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SpaceX Falcon with Dragon
SpaceX’s Falcon 9 rocket rises from its Florida launch pad. (Credit: NASA)

SpaceX launched a Dragon cargo capsule to the International Space Station tonight with a couple of precedent-setting payloads on opposite ends of the size spectrum: a 5-foot-wide docking adapter, which was built by Boeing to accommodate future commercial space taxis; and the first DNA sequencer destined for use in space, which is about the size of a candy bar.

The Falcon 9 rocket rose into the night at 12:45 a.m. ET Monday (9:45 p.m. PT Sunday) from Cape Canaveral Air Force Station in Florida.

Minutes later, the Falcon 9’s second stage and the uncrewed Dragon separated from the first stage and continued on to orbit. Meanwhile, the first stage flew itself back to Florida’s Space Coast and touched down at SpaceX’s Landing Zone 1, near the launch pad.

“LZ-1, Falcon 9 has landed,” SpaceX’s mission control announced. The news was greeted with whoops and hollers from hundreds of SpaceX employees who gathered at the company’s headquarters in Hawthorne, Calif.

Floridians heard a thunderous sonic boom as the booster descended.

The touchdown maneuver worked back in December when SpaceX tried it for the first time, after sending 11 Orbcomm telecommunication satellites into space. Since then, SpaceX has successfully landed Falcon first stages three times at sea. Tonight marked SpaceX’s second attempt to land the booster on solid ground – and its second success.

Hans Koenigsmann, SpaceX’s vice president of flight reliability, said the booster seemed to survive the landing just fine, if a little blackened, and would be “probably ready soon to fly again.”

SpaceX is working to recover its first-stage Falcon 9 boosters in order to pave the way for rocket reusability and cheaper access to space. Even if the landing failed, that would have had no bearing on the success of the resupply mission – just as long as the Dragon got to its proper orbit.

That was a problem a year ago, when a Falcon 9 rocket broke up shortly after launch. That failure resulted in the loss of a Dragon shipment that was carrying the same type of docking adapter included in tonight’s payload. This time around, the Dragon was upgraded with a launch abort system that was designed to save the capsule and its payload even if the rocket failed.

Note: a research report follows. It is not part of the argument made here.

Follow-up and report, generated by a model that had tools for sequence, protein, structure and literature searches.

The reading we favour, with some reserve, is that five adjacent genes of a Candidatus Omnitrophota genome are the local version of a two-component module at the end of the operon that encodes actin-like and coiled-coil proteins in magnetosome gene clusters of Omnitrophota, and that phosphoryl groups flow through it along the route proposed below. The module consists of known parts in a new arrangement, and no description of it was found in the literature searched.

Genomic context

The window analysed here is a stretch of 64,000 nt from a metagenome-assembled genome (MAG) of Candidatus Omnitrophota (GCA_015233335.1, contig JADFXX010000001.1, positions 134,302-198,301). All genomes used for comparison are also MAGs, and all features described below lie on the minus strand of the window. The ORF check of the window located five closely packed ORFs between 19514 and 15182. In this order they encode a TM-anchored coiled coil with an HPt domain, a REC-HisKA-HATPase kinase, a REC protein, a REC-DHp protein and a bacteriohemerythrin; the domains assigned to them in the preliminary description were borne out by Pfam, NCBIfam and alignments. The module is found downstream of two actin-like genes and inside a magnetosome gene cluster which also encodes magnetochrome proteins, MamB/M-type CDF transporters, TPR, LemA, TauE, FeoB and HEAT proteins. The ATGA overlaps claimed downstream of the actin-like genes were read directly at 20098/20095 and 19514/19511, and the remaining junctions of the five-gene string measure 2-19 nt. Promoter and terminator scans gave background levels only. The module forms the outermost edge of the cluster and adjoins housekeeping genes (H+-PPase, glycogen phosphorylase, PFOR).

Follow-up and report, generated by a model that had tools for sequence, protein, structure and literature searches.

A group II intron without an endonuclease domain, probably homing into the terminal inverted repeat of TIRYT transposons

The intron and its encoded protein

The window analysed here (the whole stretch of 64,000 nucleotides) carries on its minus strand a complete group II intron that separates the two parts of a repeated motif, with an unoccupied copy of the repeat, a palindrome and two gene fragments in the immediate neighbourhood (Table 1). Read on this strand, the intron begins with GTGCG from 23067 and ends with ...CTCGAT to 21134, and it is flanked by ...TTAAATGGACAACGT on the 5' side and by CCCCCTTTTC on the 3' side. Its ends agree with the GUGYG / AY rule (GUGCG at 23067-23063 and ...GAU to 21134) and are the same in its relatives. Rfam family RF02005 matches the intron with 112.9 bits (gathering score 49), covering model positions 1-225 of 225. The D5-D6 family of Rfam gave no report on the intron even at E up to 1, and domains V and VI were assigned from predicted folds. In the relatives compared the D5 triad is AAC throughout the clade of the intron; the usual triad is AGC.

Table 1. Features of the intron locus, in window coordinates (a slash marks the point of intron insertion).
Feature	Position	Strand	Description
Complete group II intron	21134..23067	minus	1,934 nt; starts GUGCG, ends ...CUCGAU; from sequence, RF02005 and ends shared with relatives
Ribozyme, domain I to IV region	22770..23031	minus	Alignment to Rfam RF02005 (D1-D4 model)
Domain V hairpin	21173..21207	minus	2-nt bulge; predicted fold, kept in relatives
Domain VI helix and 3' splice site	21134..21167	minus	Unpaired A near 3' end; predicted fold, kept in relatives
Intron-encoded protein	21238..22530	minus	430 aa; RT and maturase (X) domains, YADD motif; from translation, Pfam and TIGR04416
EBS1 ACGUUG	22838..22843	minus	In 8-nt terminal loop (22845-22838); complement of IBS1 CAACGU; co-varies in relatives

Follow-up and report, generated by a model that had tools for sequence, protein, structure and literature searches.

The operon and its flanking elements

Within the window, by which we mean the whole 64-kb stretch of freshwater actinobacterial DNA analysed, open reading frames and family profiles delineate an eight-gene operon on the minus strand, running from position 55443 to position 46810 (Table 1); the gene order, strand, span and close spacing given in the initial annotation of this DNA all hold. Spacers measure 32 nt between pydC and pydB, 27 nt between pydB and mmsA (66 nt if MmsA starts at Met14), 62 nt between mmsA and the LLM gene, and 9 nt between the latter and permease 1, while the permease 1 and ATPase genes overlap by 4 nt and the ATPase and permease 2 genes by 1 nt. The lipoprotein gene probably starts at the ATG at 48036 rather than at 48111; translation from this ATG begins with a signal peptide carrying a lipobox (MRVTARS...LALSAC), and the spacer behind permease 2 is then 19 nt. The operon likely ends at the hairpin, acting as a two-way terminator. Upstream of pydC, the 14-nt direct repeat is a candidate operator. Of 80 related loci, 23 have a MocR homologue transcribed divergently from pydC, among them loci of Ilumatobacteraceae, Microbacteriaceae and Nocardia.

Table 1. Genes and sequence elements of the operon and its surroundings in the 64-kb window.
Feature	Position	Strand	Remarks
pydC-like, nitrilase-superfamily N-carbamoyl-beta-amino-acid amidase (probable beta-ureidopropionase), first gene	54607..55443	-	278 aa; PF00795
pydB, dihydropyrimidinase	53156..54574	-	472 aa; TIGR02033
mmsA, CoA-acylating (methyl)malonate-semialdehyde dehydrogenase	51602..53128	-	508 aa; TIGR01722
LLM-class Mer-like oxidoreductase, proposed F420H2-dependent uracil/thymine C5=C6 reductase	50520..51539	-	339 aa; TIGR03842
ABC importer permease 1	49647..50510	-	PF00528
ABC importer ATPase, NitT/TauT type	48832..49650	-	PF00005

Fortunately, that wasn’t necessary. Dragon reached orbit successfully and unfurled its solar panels.

NASA needs to have the Boeing-built International Docking Adapter installed on the station’s Harmony module in order to link up correctly with the crew-carrying spaceships that SpaceX and Boeing are building. The first such space taxi could be ready for a space station visit as early as next year.

The 5,000 pounds of cargo packed aboard the Dragon also includes the palm-sized MinION DNA sequencer. NASA astronaut Kate Rubins, a biologist who moved into the station earlier this month, will test the device with prepared DNA samples from a type of bacteria, a virus and a mouse during her stint in orbit. The results will be compared with readings conducted on Earth.

Eventually, such devices could be used for medical applications as well as studies focusing on how the space environment affects mutations and other genetic processes.

Other experiments aboard the Dragon are designed to study how heart cells and bone cells behave in zero gravity, how to build computers that are more resilient to space radiation, and how to improve the efficiency of space solar cells.

The payload also includes more mundane types of cargo, such as food, water and clothing. This is the ninth supply mission under the terms of a multibillion-dollar contract with NASA.

If all goes well, the Dragon should rendezvous with the space station on Wednesday. In the meantime, a robotic Russian Progress cargo craft that was launched on Saturday is due to dock with the station on Monday night – which means the crew could be dealing with a double delivery this week.

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